Umbanda Branca is another Afro-Brazilian religion, which was created in Rio de Janeiro in the 1920s by Zélio de Moraes. Like Candomblé, it also adopts the worship of Orishas. Umbanda ceremonies are accompanied by practitioners dressed in white, chanting to Atabaque drums. Likewise, Candomblé ceremonies are also accompanied by many types of drums – played both with the palms of the hand and sticks – and instruments such as bells and claves are part of the percussion ensemble. The priest’s assistants continuously ring bells for the Orishas – some of which have four tones.
Oblations are poured and sometimes animals are used in a sacrificial ritual called Orò. The species and their mode of sacrifice are supported by beliefs and myths associated with the religion, and depend upon the preferences of the Orisha. The colour of the animal also corresponds to the colour preference of the Orisha to whom it is offered. As the myths and practices associated with Candomblé originated in Africa, some of the animal species used in sacrificial rituals either occur in parts of Africa, or are substitutes for African species. The principal reason for sacrifice is to please the Orishas in order to keep life in harmony. This is accomplished by feeding them, in a spiritual sense, through sacrifice – thereby maintaining a perfect link between mankind and the gods, and a connection between the material world (called Aiyê) and the supernatural world (called Orun). The participants, predominantly dressed in white, wear many necklaces made from materials such as glass beads, shells, mini calabashes and feathers, which correspond to the colour of their particular Orisha. The congregation continuously chants in Yoruba, escalating to otherworldly crescendos, during which the participants enter into states of ecstatic possession; in fact, possessed by their own Orisha, with whom they become one. They are then led out of the main room of the Terreiro, dressed in the garb and bedecked with paraphernalia befitting of the Orisha. At some point, Ogun’s bread, contained in a large basket, is distributed to the congregation.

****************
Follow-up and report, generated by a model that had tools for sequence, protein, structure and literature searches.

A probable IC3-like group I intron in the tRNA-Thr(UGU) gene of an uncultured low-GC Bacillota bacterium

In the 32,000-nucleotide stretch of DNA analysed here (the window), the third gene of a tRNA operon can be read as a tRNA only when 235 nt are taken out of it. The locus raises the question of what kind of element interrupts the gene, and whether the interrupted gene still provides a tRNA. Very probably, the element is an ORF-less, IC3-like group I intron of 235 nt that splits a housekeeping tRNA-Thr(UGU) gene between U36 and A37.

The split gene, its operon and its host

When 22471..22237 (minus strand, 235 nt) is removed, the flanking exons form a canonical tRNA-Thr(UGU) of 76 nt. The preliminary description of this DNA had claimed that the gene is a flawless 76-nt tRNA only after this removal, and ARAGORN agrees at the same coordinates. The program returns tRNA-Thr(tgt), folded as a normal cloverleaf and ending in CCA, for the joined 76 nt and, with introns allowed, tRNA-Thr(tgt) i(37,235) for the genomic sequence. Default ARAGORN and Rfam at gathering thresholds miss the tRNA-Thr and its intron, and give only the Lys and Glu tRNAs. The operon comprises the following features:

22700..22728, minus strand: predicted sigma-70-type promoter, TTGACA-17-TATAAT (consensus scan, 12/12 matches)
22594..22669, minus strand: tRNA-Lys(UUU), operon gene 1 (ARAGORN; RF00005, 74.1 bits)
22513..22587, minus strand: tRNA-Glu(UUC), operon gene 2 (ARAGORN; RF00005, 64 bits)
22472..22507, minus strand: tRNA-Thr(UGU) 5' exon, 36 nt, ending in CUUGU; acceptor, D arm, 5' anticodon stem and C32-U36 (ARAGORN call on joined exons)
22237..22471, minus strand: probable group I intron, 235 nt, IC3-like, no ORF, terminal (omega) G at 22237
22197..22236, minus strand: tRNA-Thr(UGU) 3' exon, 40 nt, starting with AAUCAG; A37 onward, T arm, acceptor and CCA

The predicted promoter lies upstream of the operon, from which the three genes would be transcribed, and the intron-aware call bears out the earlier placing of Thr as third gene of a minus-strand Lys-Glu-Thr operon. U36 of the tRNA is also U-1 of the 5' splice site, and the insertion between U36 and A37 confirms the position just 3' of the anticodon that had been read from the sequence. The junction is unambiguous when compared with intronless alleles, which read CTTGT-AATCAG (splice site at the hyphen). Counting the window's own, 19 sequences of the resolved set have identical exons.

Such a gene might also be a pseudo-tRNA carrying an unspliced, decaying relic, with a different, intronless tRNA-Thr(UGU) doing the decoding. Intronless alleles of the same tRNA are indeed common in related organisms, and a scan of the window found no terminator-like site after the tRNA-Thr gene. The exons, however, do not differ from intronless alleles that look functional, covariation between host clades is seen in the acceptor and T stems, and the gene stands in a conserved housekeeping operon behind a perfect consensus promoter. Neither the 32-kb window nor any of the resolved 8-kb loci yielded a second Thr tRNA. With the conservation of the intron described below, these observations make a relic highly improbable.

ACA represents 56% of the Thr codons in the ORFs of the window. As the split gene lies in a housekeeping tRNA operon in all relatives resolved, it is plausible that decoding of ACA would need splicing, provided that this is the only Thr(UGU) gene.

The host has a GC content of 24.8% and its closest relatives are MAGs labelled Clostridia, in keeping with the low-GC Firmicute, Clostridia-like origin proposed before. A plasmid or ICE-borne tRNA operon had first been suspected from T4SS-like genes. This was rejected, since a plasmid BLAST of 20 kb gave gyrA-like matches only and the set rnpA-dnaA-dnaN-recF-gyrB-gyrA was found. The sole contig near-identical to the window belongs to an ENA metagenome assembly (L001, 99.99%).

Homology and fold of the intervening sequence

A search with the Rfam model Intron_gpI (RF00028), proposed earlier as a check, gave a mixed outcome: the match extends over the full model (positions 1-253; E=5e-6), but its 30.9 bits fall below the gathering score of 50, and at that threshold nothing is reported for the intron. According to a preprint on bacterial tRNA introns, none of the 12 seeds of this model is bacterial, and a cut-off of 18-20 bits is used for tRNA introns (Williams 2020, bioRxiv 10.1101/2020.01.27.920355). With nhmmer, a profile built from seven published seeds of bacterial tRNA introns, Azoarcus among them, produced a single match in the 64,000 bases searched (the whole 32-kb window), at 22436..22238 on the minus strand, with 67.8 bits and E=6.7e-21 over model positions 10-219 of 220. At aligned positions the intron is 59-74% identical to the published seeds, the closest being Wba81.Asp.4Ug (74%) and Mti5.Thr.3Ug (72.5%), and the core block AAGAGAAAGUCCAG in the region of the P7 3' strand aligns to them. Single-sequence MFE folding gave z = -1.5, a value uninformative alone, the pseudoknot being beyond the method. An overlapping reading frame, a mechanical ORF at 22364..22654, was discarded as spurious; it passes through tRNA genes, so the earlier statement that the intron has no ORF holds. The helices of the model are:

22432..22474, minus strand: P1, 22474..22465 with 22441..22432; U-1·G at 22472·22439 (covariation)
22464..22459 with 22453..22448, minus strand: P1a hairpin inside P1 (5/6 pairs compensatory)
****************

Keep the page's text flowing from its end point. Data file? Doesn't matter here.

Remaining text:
*Axe is pronounced Asche. This Yoruba word meaning Soul, Light, Spirit is used in Candomblé. It is also used as a greeting, meaning Peace Be With You.